In a nutshell, iHD (“interactivity for High Definition”) provides the user interface between you and the HD DVD content. It is used to show the menu system, implement special features, play games, download network content, and so on. This interface is shown on top of the video so that you can do things like have pop-up menus that appear while the movie is still running (the HD DVD display is broken up into several “layers”, including two video layers and the iHD layer).
Unlike DVD, where you typically have two “modes” of operation — navigating through static full-screen menus to select chapters, audio setup, special features, etc.; and watching the video — in HD DVD you really only have one “mode” where full HD-quality video is playing in the background, whilst a rich, fluid UI is running in the foreground. Obviously the background video doesn’t have to be the main movie — it could be some generic animated background, or a movie trailer, or just a black screen — and the UI doesn’t have to be visible all the time; in fact you would typically hide it while watching the movie!
As I alluded to in my “Hello, World” post, iHD is somewhat like HTML in that it utilises declarative markup to describe the layout and styling of the on-screen elements, and ECMAScript for additional behaviour and interacting with the player’s API (for things like “Pause the video”, “Start playing deleted scene #5”, or “Download new trailers from “). This “page” is then composited on top of the video to give you the final output.
What makes iHD different than a normal web page (other than the HD movie underneath it 🙂 ) is the way in which it integrates SMIL to provide timing and animation support for the UI. Using additional XML tags inside the markup file, content authors can “cue” certain actions to occur based on various events in the system. For example:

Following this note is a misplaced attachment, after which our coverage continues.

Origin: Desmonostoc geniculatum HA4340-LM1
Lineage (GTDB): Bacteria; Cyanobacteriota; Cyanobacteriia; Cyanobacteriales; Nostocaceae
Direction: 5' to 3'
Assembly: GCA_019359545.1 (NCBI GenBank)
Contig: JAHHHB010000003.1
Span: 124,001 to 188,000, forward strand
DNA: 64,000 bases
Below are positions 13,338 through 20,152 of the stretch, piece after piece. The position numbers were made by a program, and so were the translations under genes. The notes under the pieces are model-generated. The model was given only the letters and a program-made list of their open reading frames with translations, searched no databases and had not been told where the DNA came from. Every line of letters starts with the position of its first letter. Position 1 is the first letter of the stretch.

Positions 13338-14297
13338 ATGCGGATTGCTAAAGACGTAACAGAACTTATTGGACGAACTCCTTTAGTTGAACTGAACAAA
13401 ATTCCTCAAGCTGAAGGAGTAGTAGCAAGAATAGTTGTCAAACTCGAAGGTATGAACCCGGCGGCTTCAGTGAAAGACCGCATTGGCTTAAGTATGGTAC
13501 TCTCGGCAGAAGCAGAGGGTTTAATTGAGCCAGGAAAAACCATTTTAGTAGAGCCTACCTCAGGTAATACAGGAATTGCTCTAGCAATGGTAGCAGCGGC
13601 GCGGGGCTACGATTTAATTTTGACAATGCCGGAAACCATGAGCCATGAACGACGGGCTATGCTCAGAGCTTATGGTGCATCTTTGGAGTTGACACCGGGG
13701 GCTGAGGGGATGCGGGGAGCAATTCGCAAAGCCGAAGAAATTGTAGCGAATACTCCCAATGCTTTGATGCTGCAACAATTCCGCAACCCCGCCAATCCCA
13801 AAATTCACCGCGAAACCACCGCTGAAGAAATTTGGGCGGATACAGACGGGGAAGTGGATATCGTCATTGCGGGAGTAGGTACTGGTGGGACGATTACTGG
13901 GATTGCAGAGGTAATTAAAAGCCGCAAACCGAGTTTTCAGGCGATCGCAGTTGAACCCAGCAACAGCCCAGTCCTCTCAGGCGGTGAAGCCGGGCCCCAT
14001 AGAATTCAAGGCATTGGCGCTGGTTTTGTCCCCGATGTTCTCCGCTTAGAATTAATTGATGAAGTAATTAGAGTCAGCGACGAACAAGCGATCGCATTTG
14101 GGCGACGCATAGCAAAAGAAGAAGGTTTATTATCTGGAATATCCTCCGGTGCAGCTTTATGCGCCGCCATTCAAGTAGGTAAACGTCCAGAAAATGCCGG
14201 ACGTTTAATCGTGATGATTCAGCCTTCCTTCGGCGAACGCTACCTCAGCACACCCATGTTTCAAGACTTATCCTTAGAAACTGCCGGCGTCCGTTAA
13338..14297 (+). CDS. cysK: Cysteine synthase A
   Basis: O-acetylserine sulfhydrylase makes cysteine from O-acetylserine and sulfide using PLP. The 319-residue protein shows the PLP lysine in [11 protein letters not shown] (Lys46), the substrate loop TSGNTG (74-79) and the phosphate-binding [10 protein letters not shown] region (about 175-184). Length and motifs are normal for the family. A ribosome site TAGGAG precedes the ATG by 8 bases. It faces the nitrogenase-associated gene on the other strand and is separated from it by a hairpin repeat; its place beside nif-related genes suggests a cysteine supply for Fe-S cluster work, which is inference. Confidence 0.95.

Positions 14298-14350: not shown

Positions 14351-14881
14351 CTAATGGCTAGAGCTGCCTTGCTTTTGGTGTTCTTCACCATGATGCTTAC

·When the user hits the “menu” key on the remote, slide a menu-bar in from off-screen
·When a button gets the focus, make it 20% bigger and increase the opacity to 100%
·When the user mouses over a certain section of the screen, show a tooltip describing what they see
These things can all be done without any script programming; they are all done in a simple “when this happens, take these actions” declarative fashion. (Well, “simple” is relative; you can get some pretty complex cues going on, but you can do a lot of things without ever writing any script code). iHD uses a subset of to query the state of the markup page in order to trigger these events. In turn, these events can be propagated to the script engine, which can then perform more complicated actions or interact with other parts of the system (the player, the network, etc.)
I’ll be updating the Hello, World sample over the coming weeks to show more and more functionality, including XPath-based animates and some script. Unfortunately you won’t be able to “follow along” at home, but one day this might be useful for people 🙂